OCIMF Tanker Management and Self-Assessment 3 – Are you ready?
The views and opinions expressed here are solely those of the original author or contributor. These views and opinions do not necessarily represent those of the UK P&I Club.
OCIMF published the third edition of its Tanker Management and Self-Assessment guide (TMSA3) in April 2017. As of 1 January 2018, this will replace the TMSA2 and tanker owners will be required to follow the new self-assessment procedure.
So are there any major changes?
Well actually, yes. The latest TMSA version introduces an entirely new element – Maritime Security (element 13). The new element aims “to establish and maintain policies and procedures in order to respond to and mitigate identified security threats covering all company activities including cyber security.”
In complying with the aim, security plans should be put in place, which also address cyber security risks, and should cover shored-based locations, vessels and personnel.
Are there any tools available to help tanker members comply with the Maritime Security element?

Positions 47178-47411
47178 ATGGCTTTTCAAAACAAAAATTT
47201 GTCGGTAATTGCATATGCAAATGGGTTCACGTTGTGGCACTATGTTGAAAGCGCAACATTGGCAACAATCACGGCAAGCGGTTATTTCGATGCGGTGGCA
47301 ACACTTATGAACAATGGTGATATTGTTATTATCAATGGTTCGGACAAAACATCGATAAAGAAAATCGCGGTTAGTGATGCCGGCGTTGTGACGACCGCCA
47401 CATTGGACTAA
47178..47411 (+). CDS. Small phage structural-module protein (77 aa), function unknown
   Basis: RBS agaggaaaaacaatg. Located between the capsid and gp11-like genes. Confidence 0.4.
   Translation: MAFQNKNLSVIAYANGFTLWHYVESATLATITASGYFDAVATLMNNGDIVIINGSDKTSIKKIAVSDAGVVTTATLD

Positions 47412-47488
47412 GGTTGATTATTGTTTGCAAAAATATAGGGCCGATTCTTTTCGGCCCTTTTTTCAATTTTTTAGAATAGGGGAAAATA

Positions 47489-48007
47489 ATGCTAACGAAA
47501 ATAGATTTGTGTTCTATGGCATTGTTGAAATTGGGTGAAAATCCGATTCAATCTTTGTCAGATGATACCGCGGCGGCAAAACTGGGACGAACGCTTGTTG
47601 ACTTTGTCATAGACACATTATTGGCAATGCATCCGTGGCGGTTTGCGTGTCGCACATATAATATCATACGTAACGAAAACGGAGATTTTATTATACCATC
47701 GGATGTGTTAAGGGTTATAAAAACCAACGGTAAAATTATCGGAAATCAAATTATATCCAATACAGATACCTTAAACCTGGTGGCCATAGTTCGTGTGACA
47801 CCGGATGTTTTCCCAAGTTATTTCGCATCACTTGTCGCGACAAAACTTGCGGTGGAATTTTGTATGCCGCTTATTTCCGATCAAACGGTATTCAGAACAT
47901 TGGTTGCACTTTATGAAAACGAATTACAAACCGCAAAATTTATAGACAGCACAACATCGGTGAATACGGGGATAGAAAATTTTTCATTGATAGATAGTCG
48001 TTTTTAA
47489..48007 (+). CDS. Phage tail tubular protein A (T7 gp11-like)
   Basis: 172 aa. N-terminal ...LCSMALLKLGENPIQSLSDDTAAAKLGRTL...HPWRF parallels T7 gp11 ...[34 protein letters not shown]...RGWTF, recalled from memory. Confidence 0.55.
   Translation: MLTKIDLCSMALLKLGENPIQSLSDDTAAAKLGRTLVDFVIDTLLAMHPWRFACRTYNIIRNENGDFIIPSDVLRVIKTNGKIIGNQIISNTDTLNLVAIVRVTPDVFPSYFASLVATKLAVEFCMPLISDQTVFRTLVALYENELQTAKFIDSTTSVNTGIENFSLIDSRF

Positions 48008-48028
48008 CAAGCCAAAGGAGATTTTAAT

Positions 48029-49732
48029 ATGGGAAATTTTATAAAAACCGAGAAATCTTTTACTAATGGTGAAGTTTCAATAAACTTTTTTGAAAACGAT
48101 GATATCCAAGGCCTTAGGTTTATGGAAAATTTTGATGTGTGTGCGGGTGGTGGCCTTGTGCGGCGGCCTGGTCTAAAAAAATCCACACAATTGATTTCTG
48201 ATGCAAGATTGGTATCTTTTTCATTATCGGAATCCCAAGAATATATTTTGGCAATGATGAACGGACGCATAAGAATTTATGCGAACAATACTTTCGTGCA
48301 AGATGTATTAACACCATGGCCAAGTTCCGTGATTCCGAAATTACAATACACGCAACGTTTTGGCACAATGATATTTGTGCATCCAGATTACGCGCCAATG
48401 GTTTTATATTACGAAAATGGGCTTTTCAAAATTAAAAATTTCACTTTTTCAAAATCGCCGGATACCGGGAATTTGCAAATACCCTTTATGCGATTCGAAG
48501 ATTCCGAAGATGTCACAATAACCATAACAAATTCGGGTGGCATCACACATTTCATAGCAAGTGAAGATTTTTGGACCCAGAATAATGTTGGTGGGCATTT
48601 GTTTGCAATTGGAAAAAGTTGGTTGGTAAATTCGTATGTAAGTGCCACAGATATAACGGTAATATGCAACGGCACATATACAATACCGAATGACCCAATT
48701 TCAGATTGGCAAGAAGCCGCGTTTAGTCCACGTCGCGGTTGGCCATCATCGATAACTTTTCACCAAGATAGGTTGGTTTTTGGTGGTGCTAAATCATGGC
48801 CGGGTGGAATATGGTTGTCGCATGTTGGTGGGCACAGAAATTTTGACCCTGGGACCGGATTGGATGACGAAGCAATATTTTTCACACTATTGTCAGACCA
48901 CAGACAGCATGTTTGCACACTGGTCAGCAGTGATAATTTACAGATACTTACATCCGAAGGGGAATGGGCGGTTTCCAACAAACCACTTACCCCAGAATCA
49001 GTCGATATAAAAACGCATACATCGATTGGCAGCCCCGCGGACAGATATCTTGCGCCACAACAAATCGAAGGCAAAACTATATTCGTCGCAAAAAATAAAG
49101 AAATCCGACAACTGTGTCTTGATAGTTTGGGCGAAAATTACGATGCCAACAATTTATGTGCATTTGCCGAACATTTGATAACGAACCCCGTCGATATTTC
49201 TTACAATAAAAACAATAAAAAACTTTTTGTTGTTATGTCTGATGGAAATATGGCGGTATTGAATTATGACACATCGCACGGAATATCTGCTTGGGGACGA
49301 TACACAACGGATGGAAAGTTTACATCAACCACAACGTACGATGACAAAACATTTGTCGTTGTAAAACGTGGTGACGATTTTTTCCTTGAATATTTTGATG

Yes, resources are available and the best thing is they are free!
IET Standards in conjunction with the Department for Transport have created a comprehensive code of practice for cyber security onboard ships. This code follows on from previous work the Department for Transport has done on port cyber security.
Additionally, an industry working group (which included OCIMF) have created Guidelines on Cyber Security onboard Ships.
What other changes are there?
Elements 6, 6A and 10 have all had revisions, with element 10 now incorporating the OCIMF Energy Efficiency and Fuel Management paper that had previously been a supplement to TMSA2. Additionally TMSA3 also has 19 more KPIs than TMSA2 showing the focus on continuous improvement.
You may also be interested in:
The International Maritime Organization (IMO) adopted Resolution MSC.428(98) Maritime Cyber Risk Management in Safety Management Systems on 16 June, 2017.
This document considers an incident presented to the English High Court in 2002, in which the link between the passage plan and seaworthiness was not used for determining if the vessel was seaworthy, unlike that of the CMA CGM Libra in 2020.